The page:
California storm follows fires, bringing new round of danger

Rain water pools where a Fountaingrove neighborhood home once stood Monday, Jan. 8, 2018, in Santa Rosa, Calif. Storms brought rain to California on Monday and increased the risk of mudslides in fire-ravaged communities in devastated northern wine country and authorities to order evacuations farther south for towns below hillsides burned by the state's largest-ever wildfire. (AP Photo/Eric Risberg)

The Associated Press

Thousands of Southern Californians were ordered to evacuate Monday amid fears that heavy rainfall could trigger mudslides in regions charred by wildfires.

The wildfires, including several blazes last year, have burned acres of protective brush on hillsides, leaving little to no vegetation to prevent mudslides and debris flow, The first major storm of this rainy season was expected to drench Ventura and Santa Barbara counties and Los Angeles overnight Monday through Tuesday.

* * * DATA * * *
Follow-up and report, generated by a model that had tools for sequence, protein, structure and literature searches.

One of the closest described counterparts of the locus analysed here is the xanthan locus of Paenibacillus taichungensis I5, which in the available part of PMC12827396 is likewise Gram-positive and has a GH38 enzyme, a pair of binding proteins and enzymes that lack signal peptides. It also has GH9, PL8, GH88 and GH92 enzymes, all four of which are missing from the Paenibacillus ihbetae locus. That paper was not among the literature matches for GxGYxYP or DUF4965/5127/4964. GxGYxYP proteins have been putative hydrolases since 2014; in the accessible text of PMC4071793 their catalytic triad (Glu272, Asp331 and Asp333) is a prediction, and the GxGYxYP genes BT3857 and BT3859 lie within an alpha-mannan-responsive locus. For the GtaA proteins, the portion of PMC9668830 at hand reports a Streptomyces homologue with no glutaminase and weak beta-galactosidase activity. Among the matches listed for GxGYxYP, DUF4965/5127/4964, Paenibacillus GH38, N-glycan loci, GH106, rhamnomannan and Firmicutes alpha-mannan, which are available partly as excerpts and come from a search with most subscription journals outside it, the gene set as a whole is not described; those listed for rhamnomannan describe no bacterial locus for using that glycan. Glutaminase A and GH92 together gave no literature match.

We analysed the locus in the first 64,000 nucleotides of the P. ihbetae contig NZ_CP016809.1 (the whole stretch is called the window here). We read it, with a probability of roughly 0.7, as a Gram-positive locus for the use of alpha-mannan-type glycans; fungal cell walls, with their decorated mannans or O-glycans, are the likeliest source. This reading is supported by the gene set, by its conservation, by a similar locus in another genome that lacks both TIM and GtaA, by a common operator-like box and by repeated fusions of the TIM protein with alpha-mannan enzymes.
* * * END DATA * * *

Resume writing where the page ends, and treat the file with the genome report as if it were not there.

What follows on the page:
In Santa Barbara County, more than 6,000 people were under mandatory evacuation orders, including residents in parts of Carpinteria, Montecito and Goleta, located below areas scorched by the wildfires over the past year and a half. Those fires included the massive Thomas Fire that started in December and is still not completely out, according to Gina DePinto, a county spokeswoman.

Voluntary evacuation warnings were in effect for another 20,000 people, including others in those same communities, she said.

Los Angeles County officials issued mandatory evacuation orders for residents of Kagel Canyon, Lopez Canyon and Little Tijunga Canyon, areas affected by the Creek Fire. Police and fire officials in Los Angeles helped with evacuations in areas damaged by the Creek and Fish fires, officials said.

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